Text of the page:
2) Some Nights - The Lion King
When this song first came out, I saw a couple people describe it as having a Lion King feel, but even in terms of concept, The Lion King fits. "Some Nights" reminds me of Hamlet, and The Lion King is technically a Hamlet adaptation. This one would be sung by Simba somewhere between the middle and the end of the musical.

3) We Are Young - Oliver!
I see this number as one with several narratives. Both Oliver! and this song have to do with the meshing of youth and naivety with adult concepts and dangers, so in Oliver!, this track would have been sung in part by Nancy and Bill Sykes and in part by the orphan children.

4) Carry On - West Side Story
"Carry On" could have been an alternate song for "There's a Place." It's perfect for the story, especially with the allusions to "knives in a fistfight."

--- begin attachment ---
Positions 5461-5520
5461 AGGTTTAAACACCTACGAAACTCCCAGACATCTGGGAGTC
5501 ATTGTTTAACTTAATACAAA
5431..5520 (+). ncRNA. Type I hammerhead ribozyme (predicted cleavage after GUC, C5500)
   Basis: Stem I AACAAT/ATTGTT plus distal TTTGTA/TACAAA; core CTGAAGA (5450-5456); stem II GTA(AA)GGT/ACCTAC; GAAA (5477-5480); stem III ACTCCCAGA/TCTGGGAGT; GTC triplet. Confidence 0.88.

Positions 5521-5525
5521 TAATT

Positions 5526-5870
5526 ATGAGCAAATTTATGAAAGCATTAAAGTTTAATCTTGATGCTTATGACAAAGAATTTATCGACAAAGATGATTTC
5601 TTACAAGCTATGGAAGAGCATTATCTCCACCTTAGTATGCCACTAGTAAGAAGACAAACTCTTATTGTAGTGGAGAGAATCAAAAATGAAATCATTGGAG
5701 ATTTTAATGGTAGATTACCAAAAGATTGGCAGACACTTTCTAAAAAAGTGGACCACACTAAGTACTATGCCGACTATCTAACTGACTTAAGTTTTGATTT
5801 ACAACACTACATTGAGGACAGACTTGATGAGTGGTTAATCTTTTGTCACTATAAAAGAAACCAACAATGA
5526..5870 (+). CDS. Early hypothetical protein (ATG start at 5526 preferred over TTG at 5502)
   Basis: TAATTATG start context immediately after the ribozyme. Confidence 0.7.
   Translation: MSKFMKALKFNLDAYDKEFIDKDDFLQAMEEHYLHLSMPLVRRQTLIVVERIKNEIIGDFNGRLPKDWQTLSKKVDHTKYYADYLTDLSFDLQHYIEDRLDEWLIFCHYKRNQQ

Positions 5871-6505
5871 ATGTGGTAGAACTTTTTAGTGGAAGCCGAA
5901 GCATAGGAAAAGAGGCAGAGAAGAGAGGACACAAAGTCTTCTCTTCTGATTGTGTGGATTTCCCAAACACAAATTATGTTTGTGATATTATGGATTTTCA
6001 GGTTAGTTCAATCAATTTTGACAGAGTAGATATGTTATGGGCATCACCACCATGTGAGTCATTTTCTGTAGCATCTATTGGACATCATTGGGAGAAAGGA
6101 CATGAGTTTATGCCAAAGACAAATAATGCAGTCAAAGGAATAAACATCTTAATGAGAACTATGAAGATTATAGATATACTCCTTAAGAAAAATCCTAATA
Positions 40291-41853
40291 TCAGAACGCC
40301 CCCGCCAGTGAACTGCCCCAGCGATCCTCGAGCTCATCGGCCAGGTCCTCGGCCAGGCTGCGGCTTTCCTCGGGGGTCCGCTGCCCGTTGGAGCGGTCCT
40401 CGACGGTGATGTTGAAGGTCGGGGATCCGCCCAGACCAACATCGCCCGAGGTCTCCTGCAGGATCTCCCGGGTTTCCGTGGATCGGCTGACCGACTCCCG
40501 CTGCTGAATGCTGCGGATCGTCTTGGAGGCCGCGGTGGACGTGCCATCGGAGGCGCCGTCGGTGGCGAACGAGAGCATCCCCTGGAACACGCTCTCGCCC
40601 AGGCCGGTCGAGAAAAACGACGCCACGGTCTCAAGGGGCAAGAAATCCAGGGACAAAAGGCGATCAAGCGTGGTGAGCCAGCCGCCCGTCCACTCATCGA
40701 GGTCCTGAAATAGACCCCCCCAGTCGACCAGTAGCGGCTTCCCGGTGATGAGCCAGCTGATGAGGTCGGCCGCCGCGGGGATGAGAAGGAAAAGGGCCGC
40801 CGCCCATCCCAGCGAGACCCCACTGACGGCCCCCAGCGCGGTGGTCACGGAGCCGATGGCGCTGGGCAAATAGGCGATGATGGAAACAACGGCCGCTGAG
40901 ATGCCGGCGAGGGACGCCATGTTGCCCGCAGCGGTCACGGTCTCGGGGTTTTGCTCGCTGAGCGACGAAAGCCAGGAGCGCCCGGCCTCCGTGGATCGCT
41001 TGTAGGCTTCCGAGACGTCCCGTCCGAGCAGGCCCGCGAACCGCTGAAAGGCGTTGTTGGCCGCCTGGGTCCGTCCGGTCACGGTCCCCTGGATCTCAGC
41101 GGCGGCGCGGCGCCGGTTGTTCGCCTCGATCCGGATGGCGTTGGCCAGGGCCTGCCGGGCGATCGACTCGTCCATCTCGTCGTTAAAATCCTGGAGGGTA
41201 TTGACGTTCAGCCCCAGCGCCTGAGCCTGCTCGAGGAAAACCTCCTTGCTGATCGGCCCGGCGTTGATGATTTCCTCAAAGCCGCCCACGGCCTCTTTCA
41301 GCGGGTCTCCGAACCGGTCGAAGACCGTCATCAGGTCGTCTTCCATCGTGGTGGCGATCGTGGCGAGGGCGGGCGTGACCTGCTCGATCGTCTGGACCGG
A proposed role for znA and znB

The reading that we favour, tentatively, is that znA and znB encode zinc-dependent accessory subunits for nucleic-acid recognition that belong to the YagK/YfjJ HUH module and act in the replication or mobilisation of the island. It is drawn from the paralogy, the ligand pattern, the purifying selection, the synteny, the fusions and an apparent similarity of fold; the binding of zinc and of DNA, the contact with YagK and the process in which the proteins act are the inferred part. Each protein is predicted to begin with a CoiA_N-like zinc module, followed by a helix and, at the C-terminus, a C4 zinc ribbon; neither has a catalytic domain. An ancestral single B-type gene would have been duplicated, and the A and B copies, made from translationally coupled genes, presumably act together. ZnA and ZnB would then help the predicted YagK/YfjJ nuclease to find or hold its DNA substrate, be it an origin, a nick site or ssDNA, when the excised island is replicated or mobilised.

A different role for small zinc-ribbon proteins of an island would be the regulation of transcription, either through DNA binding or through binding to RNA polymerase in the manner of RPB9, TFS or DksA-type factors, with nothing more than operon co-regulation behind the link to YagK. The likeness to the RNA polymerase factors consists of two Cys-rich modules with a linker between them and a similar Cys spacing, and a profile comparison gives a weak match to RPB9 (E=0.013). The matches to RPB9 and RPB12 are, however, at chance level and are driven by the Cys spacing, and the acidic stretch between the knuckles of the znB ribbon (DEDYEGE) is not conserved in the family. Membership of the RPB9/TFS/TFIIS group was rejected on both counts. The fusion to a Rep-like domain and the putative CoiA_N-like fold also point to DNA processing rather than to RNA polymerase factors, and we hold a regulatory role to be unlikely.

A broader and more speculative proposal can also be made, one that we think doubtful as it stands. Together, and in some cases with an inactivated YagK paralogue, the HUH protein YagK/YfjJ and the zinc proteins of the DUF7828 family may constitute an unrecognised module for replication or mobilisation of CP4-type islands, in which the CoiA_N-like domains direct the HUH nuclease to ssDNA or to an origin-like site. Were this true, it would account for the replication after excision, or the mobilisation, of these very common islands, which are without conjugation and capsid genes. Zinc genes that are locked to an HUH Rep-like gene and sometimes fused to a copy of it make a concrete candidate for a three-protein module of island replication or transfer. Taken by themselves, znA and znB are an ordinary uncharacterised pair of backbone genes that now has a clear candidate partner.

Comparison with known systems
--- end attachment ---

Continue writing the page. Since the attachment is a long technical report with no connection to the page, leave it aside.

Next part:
5) It Gets Better - Spring Awakening
Spring Awakening isn't a musical I have a great deal of familiarity with, but from everything I know, a song about losing your virginity could find no better home.

6) Why Am I the One - The Music Man
Although it's not a perfect match, this song seemed to me to coincide beautifully with the scene in The Music Man in which Harold Hill bemoans "for the first time in my life, I got my foot stuck in the door."

7) All Alone - Easter Parade
Considering this song almost sums up the first fifteen minutes of Easter Parade, where else could it go? In the film, Don Hewes (Fred Astaire) buys an Easter rabbit for Nadine Hale (Ann Miller) just before she breaks up with him. Hence, this scene would involve Hewes singing about the rabbit (who is now a wind-up doll, but close enough).

8) All Alright - Scrooge
This song would be performed either during Scrooge's visit to Christmas past (as he watches himself let the love of his life go) or Christmas present (as he realizes he's pushed away anyone who would care about him).

9) One Foot - Rent
Rent is another musical I'm not intimately familiar with, but the attitude of this song seems to fit it pretty well. Perhaps an alternate for "La Vie Boheme"?